It is perhaps ironic that advances in health care designed to increase women’s health and quality of life, such as cervical screening, have had the unintended consequence of minimising the responsibility of men in sexual and reproductive health issues. This is also true when contraception and termination of pregnancy are considered. The social changes concomitant with the use of the contraceptive pill have generated a belief in men and women that it is women who bear sole responsibility for contraception and avoidance of pregnancy.14,15 In addition, the woman’s right to opt for termination of pregnancy has facilitated a lack of involvement by the male partner. If continuation of pregnancy is a choice and not a necessity, the likelihood that pregnancy will be viewed as the woman’s responsibility alone will be increased.14 While there are now statutory mechanisms that can compel men to take financial responsibility, these can also disadvantage women who choose not to disclose information about absent fathers.16 Reducing inequality and encouraging men to take responsibility in sexual and reproductive matters is a complex and challenging public health issue. The strategy of involving men only peripherally in a chlamydia screening programme—as contacts of infected women—will not improve this situation. Instead, it may reinforce existing inequalities by tacitly acknowledging that it is just too difficult to ask men to take responsibility for their sexual health.
The gender specific nature of the proposed screening programme does more than potentially disadvantage women, it calls into question our ability and commitment adequately to address the sexual health needs of heterosexual men. Health professionals and researchers have been slow to realise that for men, as well as for women, gender roles and expectations may be detrimental to health.17 In the case of sexual and reproductive health, very little is known about men’s beliefs and attitudes. In practical terms, men have effectively been silenced on these issues, because “if both responsibility and accountability are defined as exclusively female, men have neither the social means nor the personal motivation to take a more active interest.”14 Including men in a chlamydia screening programme would provide benefits that would go beyond the obvious health gains from detection and treatment of infection. It would give health professionals and researchers the opportunity systematically to investigate and address men’s understanding of their sexuality and sexual behaviour and provide valuable insights into the larger question of men’s engagement with their own health and health behaviours.
Despite the relative longevity of screening programmes in other countries, it is surprising that there is no published research addressing these issues explicitly. In our own exploratory study of the possible effects of screening, we have found that women diagnosed with chlamydia experience a variety of difficulties. For example, they associate sexually transmitted infections with stigma, experience feelings of isolation and guilt, and fear their partner’s reactions to the diagnosis.18 These findings are important because they suggest that acceptability of screening may be a major barrier to uptake. In Sweden, screening is accompanied by a proactive sex education campaign. This has had a positive impact in increasing awareness and reducing the potentially disruptive effects of notifying partners and behavioural change on individuals and relationships.1 The advisory group recommends that professional and public education initiatives to increase awareness and reduce stigma are “an essential pre-condition” to the successful implementation of a screening programme. Designing such education would require a coordinated programme of research and rigorous evaluation of interventions.1 However, to date, the government has not committed itself to any educational initiatives. The ultimate effect of this decision on the proposed pilot projects is unclear.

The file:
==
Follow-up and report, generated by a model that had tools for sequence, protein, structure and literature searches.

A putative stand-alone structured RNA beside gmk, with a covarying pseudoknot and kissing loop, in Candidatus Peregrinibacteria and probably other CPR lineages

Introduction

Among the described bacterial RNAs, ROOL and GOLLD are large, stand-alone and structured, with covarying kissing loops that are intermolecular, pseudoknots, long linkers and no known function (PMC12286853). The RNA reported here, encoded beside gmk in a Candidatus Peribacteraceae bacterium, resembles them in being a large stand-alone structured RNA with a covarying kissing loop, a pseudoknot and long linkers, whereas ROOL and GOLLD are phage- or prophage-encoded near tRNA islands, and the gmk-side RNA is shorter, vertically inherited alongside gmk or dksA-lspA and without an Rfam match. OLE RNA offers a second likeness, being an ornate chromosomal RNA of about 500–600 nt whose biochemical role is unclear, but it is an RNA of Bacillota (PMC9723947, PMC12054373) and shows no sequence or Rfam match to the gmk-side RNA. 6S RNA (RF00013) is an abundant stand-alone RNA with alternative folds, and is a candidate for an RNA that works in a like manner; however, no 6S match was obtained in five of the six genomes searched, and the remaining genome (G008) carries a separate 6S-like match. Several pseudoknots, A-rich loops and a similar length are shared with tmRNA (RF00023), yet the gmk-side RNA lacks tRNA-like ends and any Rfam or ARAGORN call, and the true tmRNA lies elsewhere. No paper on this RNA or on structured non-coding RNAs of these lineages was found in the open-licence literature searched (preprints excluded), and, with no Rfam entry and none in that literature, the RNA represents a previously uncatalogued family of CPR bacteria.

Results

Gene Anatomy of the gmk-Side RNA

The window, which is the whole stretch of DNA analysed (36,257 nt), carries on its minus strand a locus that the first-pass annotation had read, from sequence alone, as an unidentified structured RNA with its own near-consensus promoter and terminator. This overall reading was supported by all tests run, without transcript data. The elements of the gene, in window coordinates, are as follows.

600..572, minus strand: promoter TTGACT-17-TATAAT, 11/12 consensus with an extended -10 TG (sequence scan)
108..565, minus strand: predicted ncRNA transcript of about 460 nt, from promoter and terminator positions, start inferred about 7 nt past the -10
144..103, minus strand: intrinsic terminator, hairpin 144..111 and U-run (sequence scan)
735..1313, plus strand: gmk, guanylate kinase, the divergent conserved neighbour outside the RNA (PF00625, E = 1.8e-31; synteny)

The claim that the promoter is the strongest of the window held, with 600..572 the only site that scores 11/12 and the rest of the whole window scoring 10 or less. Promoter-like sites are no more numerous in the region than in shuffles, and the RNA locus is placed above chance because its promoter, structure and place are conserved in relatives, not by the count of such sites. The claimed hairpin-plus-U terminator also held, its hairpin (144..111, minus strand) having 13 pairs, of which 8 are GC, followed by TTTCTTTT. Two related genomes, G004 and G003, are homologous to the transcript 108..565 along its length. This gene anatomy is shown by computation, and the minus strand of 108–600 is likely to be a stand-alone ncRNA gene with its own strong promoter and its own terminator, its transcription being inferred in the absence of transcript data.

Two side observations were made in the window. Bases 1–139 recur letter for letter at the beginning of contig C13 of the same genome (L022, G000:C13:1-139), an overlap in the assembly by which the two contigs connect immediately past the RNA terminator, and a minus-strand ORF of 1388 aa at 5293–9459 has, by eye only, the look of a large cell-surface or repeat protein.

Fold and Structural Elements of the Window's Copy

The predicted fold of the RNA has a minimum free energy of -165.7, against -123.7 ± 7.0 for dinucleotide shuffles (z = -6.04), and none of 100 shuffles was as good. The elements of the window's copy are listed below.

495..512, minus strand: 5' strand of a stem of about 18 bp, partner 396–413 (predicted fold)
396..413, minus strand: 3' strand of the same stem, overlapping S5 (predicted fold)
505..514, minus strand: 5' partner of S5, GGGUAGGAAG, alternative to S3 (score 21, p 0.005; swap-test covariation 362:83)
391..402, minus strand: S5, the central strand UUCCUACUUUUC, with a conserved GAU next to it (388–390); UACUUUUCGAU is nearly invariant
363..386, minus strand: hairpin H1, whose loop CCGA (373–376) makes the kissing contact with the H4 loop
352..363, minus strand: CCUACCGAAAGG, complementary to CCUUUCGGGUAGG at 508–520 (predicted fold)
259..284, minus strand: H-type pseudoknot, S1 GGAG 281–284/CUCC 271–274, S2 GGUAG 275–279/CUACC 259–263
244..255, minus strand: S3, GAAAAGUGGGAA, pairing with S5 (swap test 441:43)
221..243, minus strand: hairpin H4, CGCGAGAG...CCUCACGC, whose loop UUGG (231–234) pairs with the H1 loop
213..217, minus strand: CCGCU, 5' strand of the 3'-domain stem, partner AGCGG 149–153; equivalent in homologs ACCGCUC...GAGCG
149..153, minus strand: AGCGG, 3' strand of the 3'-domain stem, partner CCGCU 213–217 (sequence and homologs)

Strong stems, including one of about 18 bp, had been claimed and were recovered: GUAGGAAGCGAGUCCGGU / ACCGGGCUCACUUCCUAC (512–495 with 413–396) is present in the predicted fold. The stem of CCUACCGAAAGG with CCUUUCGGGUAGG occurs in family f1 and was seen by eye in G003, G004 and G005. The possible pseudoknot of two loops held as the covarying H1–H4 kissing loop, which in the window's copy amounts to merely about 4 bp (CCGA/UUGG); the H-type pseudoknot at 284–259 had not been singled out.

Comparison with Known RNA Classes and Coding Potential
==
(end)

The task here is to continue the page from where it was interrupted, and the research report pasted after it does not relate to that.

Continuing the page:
Increasing the acceptability of a chlamydia screening programme will be integral to its success. Women’s attitudes to screening will be profoundly influenced by the prevailing sexual ideology—an ideology in which the double standard of sexual behaviour (the acceptability of men’s sexual activity versus the disease consequences of women’s) still prevails.12–13 The relatively small part that men will be required to play in the screening process not only disadvantages women but fosters the continuing lack of recognition that men also suffer the consequences of gender inequalities in the maintenance of their health. Full consideration of these issues is important if we are to develop health education programmes that will increase the acceptability of any future screening programme and ensure that it does not impact negatively on perceptions of female sexuality.
Competing interests: None declared.